November 5, 2013
Texas Tremors Likely Triggered By Gas Injection Processes: Study
Michael Harper for redOrbit.com - Your Universe Online
A newly published study has confirmed a series of small earthquakes that shook the west Texas town of Snyder can be blamed on a production process in the oil fields.
In 2004 workers at the Cogdell Oil Field began injecting their wells with carbon dioxide as a way to increase production, a method that researchers now say was responsible for a spate of earthquakes that shook the area between 2006 and 2011.
This is not the first time the oil field has been blamed for earthquakes in the small Texas town located about 80 miles northwest of Abilene. Waste water injection practices has been blamed for tremors that also affected the region between 1975 and 1982. Because such practices could not be linked to the new rash of activity, scientists were curious to know what could be behind the recent Texas earthquakes.
This new study, conducted by researchers at China University and the University of Texas in Austin, is the first to link carbon dioxide (CO2) injections with seismic activity. Though the link has been confirmed, however, the practice doesn’t always result in earthquakes. The team has published their paper in the journal Proceedings of the National Academy of Sciences (PNAS).
“The timing of gas injection suggests it may have contributed to triggering the recent seismic activity,” explained the study authors. "If so, this represents an instance where gas injection has triggered earthquakes having magnitudes 3 and larger."
The new study investigated the operations at the Cogdell oil field and two others in the area with funding from the Department of Energy. As CO2 had been injected in these fields for many years at such great quantities, the Department of Energy wanted to investigate the effects of this practice as well as the future of a proposed technique called carbon capture and storage (CCS) on the environment.
Cliff Frohlich, study co-author and associate director of the Institute for Geophysics at the University of Texas at Austin said the possibility of these practices affecting the region around the fields is strong and was demonstrated during the 2006 through 2011 quakes.
"I'm not an expert on climate engineering, but a number of solutions have been proposed," said Frohlich in an interview with National Geographic's Joe Eaton. "Whether they are good ideas or not, the jury is still out. Anytime you mess with the environment, there are unintended consequences.”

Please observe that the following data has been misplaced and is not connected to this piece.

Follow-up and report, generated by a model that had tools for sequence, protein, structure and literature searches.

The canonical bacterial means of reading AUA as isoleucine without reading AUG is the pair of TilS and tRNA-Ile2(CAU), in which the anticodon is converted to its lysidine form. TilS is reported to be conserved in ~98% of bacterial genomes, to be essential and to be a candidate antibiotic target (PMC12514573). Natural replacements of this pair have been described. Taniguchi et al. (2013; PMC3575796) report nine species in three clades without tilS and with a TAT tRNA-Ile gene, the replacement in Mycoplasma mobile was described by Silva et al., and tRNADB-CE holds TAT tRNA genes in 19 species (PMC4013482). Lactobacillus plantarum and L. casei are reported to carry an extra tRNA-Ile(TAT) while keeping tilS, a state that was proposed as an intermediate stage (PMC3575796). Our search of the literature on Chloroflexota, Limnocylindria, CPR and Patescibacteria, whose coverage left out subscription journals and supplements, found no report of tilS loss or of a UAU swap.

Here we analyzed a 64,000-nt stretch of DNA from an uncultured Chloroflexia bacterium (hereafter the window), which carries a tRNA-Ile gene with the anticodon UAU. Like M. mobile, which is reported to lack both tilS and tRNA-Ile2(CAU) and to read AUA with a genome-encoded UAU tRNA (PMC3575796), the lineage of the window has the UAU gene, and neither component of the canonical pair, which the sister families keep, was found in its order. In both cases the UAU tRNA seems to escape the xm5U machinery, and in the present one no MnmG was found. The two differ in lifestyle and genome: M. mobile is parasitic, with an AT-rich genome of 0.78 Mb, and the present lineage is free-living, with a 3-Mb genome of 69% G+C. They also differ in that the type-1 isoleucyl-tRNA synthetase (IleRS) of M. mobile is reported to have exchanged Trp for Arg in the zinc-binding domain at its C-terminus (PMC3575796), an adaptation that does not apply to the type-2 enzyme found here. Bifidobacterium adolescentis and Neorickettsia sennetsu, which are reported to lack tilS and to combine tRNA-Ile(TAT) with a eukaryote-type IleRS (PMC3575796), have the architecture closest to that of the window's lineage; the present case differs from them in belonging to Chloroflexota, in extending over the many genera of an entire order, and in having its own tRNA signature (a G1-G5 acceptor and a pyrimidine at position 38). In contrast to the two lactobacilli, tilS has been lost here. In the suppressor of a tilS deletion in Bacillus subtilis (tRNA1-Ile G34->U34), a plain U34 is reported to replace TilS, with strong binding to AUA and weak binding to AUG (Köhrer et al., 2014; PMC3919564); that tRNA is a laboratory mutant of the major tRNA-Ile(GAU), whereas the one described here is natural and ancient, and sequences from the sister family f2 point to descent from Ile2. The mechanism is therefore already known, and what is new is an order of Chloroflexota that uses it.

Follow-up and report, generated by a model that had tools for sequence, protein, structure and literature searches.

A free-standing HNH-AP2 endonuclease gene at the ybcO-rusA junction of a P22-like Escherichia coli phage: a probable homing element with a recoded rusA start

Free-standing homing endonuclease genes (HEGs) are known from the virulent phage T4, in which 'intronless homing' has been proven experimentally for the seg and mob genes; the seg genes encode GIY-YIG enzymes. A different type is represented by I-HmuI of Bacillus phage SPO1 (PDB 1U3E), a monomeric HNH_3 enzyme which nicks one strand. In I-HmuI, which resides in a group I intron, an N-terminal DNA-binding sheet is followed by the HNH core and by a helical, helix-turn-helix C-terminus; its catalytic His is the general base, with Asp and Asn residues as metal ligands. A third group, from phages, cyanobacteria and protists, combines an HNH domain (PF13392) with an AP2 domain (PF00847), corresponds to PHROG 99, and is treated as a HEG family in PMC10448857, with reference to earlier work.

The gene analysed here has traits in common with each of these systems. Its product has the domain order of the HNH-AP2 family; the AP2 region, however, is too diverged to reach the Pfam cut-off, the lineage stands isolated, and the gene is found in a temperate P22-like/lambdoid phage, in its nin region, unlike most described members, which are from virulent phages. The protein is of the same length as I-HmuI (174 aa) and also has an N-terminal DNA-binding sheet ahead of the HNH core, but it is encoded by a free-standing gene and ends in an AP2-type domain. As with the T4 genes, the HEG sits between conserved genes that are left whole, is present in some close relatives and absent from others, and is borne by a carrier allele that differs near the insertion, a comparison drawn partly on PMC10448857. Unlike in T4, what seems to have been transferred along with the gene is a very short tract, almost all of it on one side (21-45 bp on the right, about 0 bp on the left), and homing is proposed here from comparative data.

Using data captured by a network of high-resolution seismometers located in the area near the Cogdell oil field, Frohlich and team identified a total of 93 earthquakes of various magnitudes between March 2009 and December 2010. Three of these quakes topped the scale at a magnitude of 3 or greater, and one in September 2011 registered at a magnitude of 4.4. When they combined this data with the amount of gas injected and retrieved from the field at the same time, they deduced that the two were linked.
Curiously, they also found that the practice of injecting CO2 into the ground doesn’t always lead to earthquakes.
“What’s interesting is we have an example in Cogdell field, but there are other fields nearby that have experienced similar CO2 flooding without triggering earthquakes. So the question is: Why does it happen in one area and not others?” said Frolich in a statement.
Though previous research has suggested there is a direct correlation between high injection rates of gasses and earthquakes, Frolich says areas that lie on certain geological faults — like Snyder, Texas — are more likely to experience an earthquake in any event, and the gas injection only spurs this.
The next step, says Frolich, is to create a geological model of the Cogdell oil field and those around it to understand how future CO2 injections and retrieval methods will affect the surround communities.